Screenshot from Gullahgeecheenation.com

(The Root) —

"I have an insatiable appetite for history and so does my father. He was born on Cherokee Plantation in Yemassee, S.C. (the Lowcountry), and that area still has a very rich Gullah heritage. 

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"I have been able to go back to the 1880 census, but a lot of records in South Carolina were destroyed during the burning of Columbia. I would love your help on how to continue my journey. I have traced my father's side back to a slave born in 1840, who I believe to be my great-great-great-grandfather. There was also a record of his wife." Nikki (Francis) Fleming

Most of us don't realize that about 40 percent of all of our ancestors who survived the Middle Passage arrived in this country through Charleston, S.C. Many of the Gullah people, who hail from the Lowcountry region in South Carolina and Georgia, descend from Africans taken to America from the "Rice Coast" in West Africa (Sierra Leone and the Windward Coast) to work on rice plantations.

But not all do. In fact, according to the historians John Thornton and Linda Heywood, who looked at the Trans-Atlantic Slave Trade Database to ascertain the origins of the enslaved Africans who came into South Carolina, the largest portion of slaves (31 percent) came from West Central Africa and nearly 22 percent came from the Rice Coast, with lesser numbers coming from the Gold Coast and the Niger Delta region. What this means, they conclude, is that "this is hardly grounds for making the Gullah people's origins an exclusive provenance of the Rice Coast," a mistaken assumption that many of us commonly make.

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So to ascertain where in Africa your maternal line derives (as closely as genetic evidence allows), you should get a DNA test of your ancestry to see if you have roots in any of these regions. Africanancestry.com provides its clients with the most definite estimates of their African ethnic ancestry, through their mother's mother's line or their father's father's line. (As a woman, you would have to have your father, a brother or a male cousin descended from your father's father take the y-DNA test, since females don't have this chromosome.)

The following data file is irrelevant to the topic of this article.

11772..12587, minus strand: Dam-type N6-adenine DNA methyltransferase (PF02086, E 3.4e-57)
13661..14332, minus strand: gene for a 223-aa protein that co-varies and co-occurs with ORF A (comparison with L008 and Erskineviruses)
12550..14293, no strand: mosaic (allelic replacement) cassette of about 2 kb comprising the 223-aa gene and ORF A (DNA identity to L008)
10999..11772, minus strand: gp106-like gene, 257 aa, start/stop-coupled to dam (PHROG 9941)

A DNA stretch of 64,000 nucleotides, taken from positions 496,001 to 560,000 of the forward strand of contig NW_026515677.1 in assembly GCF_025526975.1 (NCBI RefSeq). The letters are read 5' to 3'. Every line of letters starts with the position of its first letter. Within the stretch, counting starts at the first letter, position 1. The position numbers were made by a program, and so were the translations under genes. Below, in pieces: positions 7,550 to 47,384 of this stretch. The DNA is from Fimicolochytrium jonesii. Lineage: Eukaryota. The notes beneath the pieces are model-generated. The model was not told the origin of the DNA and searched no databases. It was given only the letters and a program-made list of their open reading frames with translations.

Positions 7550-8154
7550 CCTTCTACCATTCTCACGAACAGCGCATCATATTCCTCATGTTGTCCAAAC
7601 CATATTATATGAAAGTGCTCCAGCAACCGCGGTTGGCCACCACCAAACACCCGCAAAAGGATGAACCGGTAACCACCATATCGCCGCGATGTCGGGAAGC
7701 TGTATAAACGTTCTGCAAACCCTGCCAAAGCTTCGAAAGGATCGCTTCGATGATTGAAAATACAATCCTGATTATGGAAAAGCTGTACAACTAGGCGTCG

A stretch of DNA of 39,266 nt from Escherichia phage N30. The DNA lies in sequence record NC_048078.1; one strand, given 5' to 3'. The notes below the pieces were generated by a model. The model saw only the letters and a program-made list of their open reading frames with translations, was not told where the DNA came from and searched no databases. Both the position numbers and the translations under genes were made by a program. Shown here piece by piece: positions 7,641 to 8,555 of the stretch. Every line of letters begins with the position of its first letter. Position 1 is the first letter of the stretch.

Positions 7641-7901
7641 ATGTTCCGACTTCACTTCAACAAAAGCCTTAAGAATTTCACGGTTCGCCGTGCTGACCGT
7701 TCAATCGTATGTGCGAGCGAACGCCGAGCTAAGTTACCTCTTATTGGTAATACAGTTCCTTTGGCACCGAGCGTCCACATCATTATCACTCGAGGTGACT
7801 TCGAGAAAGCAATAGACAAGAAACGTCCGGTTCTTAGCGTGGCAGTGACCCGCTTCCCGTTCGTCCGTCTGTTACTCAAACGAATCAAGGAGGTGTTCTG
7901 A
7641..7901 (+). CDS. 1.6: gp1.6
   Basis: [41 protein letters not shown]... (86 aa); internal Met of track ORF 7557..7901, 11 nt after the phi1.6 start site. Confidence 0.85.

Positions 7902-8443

In other words, tracing your ancestors to South Carolina or even to a Gullah community doesn't necessarily mean that your ancestors originated in Sierra Leone or the Windward Coast. So take the test! More information about the types of testing available can be found in my article "How Mixed Are African Americans?" on The Root.

Thanks to the work of several scholars, such as Peter Wood, we do know quite a lot about slavery in the Lowcountry. Because of the nature of rice growing, the slaves on these Lowcountry plantations lived apart from the owners and had less contact with them than other Southern slaves. After the Civil War these former slaves became wageworkers, until the rice business crashed at the end of the 19th century. This economic change made the Gullah more isolated than ever. For that reason, these former slaves from South Carolina and Georgia still maintain an active community based on African culture and practices.

You can trace Gullah ancestry by following the same basic genealogical methods mentioned in previous articles. A great resource for researching your Lowcountry ancestors is Lowcountry Africana, which offers advice and links to useful sources regarding South Carolina slaveholders.

You have already begun tracing your family through the federal census records, and you can keep going by searching the additional population lists taken in South Carolina. The South Carolina Department of Archives & History, in Columbia, has microfilm of the 1869 South Carolina State Population Census (including all but Kershaw, Oconee and Spartanburg counties), the first to have African-American heads of household listed by name and all members of the household indicated by age and gender. Also held there are the Voter Registration Lists of 1867 and 1868, the first in which freed slaves appeared as registered voters. In addition to names, these lists feature the birth state or country and the length of time in the current residence.